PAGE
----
Case Example 1: John, was a 93 year old, well -to -do gentleman, never married and had no known family. He lived in his own home in a nice part of the city. His next door neighbor had kept an eye out and assisted him over the years by shoveling his walkway and offering to get groceries for him on an occasional basis. John had a ‘Friend’ who he met while playing Bingo. The ‘Friend’ spent more and more time at the house and soon appeared to be living at the house with John. A short time thereafter, his neighbour noticed that there were contractors at John’s house. He went over to talk with John and the ‘Friend’ answered the door and said that John was sleeping. The neighbour noticed a new roof, new windows and a fancy new car in driveway. The bank noticed large withdrawals from his checking account and his financial advisor started to receive emails signed by John (although John never sent an email previously) asking that large sums of money be transferred out of his account .
Q: What could his neighbour have done? What could his bank have done? If there was a signed Power Of Attorney for both Property and Personal Care held at the bank, could this have been avoided?
Case Example 2: Frank was a 85 year old widower, estranged from his two sons. He lived on a large property in the country. He always kept to himself and was largely independent. After his wife died, he did engage a trust company to act as his Attorney for Property. No one was named as Attorney for Personal Care. After some troubling calls from Frank to his bank, the trust officer called a community care manager to assess how he was doing and ensure his health and care needs were being well met. Frank’s care needs continued to increase to a point at which 24 hour care was required. His behaviours escalated and he started to have violent outbursts. His caregivers began to fear for their safety. After a subsequent fall, he was admitted to hospital and was found not be capable of making his own treatment decisions. At the point that he was ready to be discharged, the hospital did not feel he was safe to return home. He was subsequently referred to the OPGT and subsequently sent to live in a Long Term Care facility. The bank was not in a position to make health care decisions on his behalf.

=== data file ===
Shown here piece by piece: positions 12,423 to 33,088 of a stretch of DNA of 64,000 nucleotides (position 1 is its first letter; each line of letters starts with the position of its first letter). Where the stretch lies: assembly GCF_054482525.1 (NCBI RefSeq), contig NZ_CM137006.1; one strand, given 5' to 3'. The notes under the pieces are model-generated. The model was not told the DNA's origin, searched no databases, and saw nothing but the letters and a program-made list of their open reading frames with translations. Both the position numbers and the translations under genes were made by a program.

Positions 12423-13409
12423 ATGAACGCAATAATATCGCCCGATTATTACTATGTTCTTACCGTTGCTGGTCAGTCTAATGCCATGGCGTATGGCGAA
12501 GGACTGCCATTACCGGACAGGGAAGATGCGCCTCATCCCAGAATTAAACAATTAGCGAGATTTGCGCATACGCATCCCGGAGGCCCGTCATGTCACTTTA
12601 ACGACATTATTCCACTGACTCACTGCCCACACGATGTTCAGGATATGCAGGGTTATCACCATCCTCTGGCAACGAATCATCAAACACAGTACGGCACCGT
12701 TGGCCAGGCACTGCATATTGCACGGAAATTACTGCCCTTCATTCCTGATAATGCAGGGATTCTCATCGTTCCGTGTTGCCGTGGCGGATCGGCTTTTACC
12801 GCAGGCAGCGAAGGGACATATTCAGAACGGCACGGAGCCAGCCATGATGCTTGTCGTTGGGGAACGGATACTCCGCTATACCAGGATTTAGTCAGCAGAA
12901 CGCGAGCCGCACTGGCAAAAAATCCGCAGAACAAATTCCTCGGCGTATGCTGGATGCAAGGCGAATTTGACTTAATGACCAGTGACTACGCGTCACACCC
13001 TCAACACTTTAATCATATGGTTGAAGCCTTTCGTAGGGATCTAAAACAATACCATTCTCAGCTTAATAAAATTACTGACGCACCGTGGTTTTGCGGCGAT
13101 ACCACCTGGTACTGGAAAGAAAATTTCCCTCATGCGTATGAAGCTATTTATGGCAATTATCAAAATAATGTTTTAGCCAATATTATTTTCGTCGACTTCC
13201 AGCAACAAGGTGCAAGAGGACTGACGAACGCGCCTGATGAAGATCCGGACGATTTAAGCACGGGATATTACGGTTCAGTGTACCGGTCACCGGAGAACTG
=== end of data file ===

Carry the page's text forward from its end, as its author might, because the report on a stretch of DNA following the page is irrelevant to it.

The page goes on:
In this scenario, the financial institution had its hands tied as there was no Attorney for Personal Care to make health care decisions on Frank’s behalf. While Frank may have had the necessary funds to live in a setting other than LTC or may have preferred to remain at home or live in a dementia specific retirement residence, this did not occur. If there was a signed Power Of Attorney for Personal Care, could this have been avoided?
Note: both of these situations are fictitious.
There have been two recent papers discussing prevention of financial abuse amongst seniors including the Ontario Securities Commission “Seniors Strategy” and the Report on Vulnerable Investors: Elder Abuse, Financial Exploitation, Undue Influence and Diminished Mental Capacity” by the Canadian Foundation for the Advancement of Investor Rights (“FAIR Canada”).
They both make excellent and similar recommendations regarding steps to develop best practices to safeguard vulnerable seniors from financial abuse. However, neither organization recommends that an Attorney for Personal Care be designated at the same time an Attorney for Property is named.